AIG, which got one of the biggest bailouts of all time, says it will be able to pay back some $51 billion after it sells two subsidiaries.
That's not nearly enough to pay off what the company owes.
The size of the bailout is often put at around $180 billion, but it's more complicated — and more fluid — than that single number suggests. Here are some key figures based on the most recent public information:
|New York Fed preferred equity in two AIG subsidiaries:||$25 billion|
|NY Fed gave AIG a $35 billion line of credit. Amount AIG owes:||$25 billion|
|NY Fed loaned money to two entities created to buy ugly assets from AIG. Principal those entities owe the Fed:||$33 billion|
|Treasury agreed to loan AIG $70 billion. Amount AIG has borrowed:||$45 billion|
Those first two rows up there — the line of credit and preferred equity from the NY Fed — are what AIG plans to pay back with the money it gets from selling the subsidiaries. AIG will be paid a little over $30 billion in cash for the sales, so that money should flow through to the Fed as soon as the deals go through. The rest of the payment will be in the form of stock, which AIG plans to sell over time.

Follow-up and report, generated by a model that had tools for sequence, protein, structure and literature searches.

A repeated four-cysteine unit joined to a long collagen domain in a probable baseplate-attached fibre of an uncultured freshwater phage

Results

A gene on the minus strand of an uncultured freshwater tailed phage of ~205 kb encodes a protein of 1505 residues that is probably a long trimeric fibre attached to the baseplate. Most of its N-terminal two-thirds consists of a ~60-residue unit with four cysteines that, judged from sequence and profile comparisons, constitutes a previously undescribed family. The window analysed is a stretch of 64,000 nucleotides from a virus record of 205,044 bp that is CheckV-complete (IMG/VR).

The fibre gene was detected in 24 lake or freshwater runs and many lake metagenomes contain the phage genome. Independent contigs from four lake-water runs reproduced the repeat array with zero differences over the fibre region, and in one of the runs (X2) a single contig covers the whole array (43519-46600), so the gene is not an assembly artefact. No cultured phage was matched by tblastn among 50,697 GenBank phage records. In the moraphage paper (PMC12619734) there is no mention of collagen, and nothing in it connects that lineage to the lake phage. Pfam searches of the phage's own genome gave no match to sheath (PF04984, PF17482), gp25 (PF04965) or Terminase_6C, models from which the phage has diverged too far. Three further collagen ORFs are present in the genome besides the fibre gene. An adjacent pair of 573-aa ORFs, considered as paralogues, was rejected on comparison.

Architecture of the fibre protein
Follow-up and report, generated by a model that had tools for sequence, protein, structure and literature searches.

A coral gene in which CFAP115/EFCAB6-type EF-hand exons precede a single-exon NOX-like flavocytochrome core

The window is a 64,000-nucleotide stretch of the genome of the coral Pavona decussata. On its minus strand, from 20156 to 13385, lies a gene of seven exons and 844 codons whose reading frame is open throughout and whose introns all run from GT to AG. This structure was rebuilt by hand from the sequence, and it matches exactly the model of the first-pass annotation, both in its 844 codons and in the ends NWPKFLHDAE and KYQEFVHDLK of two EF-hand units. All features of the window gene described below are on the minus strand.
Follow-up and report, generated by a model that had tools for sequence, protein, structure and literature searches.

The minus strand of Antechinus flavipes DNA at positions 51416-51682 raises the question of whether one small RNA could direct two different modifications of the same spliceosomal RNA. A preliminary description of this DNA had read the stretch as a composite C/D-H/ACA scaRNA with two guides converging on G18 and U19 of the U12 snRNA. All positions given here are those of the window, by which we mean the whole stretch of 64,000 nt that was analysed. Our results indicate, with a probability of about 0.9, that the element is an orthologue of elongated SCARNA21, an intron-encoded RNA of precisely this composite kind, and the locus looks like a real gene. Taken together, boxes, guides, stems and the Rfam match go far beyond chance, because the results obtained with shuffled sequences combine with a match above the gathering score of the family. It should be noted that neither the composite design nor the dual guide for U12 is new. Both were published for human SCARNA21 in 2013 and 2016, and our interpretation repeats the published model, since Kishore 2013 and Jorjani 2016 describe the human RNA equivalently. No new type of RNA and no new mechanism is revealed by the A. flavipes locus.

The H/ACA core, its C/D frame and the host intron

AIG doesn't have to pay back the money in the third row — the loans to entities created to buy AIG assets. The entities are currently collecting payments from the underlying assets (packages of mortgages and the like) and are slowly paying back the loan to the Fed. The entities may ultimately wind up selling off the assets. Whatever happens, AIG isn't on the hook for that money.
That last row — the loans from Treasury — that's taxpayer money that AIG is supposed to pay back some day. It's unclear whether that will ever happen; the CBO, Congress's nonpartisan scorekeeper, recently estimated that Treasury would lose $9 billion on its contribution to the AIG bailout.
A few notes on the figures in the table above: The New York Fed numbers are as of March 3, and are from a weekly Fed report. The Treasury numbers are as of Jan. 31 and are from a monthly Treasury report.